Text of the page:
¶3 Appellees filed motions for summary judgment which were sustained. In the statement of material uncontroverted facts, Appellee Roofing stated that Ronald testified in his deposition that one month after the damage occurred to their house, he suffered a heart attack which required open-heart, four-valve bypass surgery. Ronald contends his doctor told him he was stressed out and that the heart attack was brought on by stress, strain, worry and upset. In his response to Roofing's motion for summary judgment, Ronald attached an affidavit from his physician, a cardiology specialist, which contained the following opinion:

3. It is my opinion within a reasonable degree of medical certainty that the heart attack and subsequent necessary bypass surgery to Ronald McMeakin was precipitated by the stress, strain, nervousness, and emotional distress he suffered as a result of the damage and ultimate total collapse of the roof of his home which occurred on the 8th day of May, 1987.

¶4 The trial court entered a signed minute order and later a Journal Entry of judgment sustaining the motions for summary judgment and entering judgment for Appellees on Appellants claims.

In the minute order, the trial court held: With respect to Mr. McMeakin, his claim is based on mental disturbance and its consequences caused by distress at witnessing harm to his property and not by fear for his own safety. California, which has kicked over the zone of danger rule, has allowed a bystander to recover for distress at witnessing harm to another person, but the bystander must be closely related to the victim ("relational proximity"). No jurisdiction would allow recovery under these facts. . . .(Emphasis in original).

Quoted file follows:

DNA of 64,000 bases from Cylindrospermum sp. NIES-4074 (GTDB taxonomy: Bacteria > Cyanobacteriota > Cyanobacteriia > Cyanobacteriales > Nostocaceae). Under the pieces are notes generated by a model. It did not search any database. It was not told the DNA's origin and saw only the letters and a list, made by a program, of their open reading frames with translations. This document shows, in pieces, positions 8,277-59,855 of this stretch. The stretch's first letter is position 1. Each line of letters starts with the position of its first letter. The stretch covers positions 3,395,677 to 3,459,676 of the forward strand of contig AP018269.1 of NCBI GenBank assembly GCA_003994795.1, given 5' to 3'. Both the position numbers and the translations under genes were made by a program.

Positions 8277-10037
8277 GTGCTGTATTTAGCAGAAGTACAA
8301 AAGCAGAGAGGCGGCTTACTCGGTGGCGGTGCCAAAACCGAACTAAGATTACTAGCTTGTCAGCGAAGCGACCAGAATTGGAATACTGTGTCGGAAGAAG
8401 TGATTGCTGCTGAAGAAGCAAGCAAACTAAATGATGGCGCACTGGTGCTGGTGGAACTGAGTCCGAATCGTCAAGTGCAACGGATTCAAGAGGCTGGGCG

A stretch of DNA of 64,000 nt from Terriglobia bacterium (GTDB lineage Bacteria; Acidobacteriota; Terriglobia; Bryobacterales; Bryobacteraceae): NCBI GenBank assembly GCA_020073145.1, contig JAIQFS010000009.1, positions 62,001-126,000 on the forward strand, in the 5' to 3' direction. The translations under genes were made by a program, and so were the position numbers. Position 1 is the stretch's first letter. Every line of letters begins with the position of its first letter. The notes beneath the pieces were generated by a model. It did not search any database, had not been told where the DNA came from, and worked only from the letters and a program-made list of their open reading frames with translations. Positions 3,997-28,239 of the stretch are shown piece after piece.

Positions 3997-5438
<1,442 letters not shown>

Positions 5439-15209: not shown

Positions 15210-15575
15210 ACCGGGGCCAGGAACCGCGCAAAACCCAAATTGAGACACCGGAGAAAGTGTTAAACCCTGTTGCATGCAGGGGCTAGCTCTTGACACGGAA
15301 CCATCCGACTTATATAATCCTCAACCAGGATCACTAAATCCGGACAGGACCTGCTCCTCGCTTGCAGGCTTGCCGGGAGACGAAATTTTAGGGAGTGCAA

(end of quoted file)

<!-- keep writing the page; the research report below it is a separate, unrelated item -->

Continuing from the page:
¶5 In this appeal, Ronald contends: (1) under the law and the facts of this case, he has a cause of action for the negligent infliction of emotional distress; (2) based on the facts and Oklahoma law, the trial court erroneously granted the motion for summary judgment; and, (3) the trial court erred in failing to address the breach of contract cause of action alleged against Shelton in the ruling in Shelton's favor.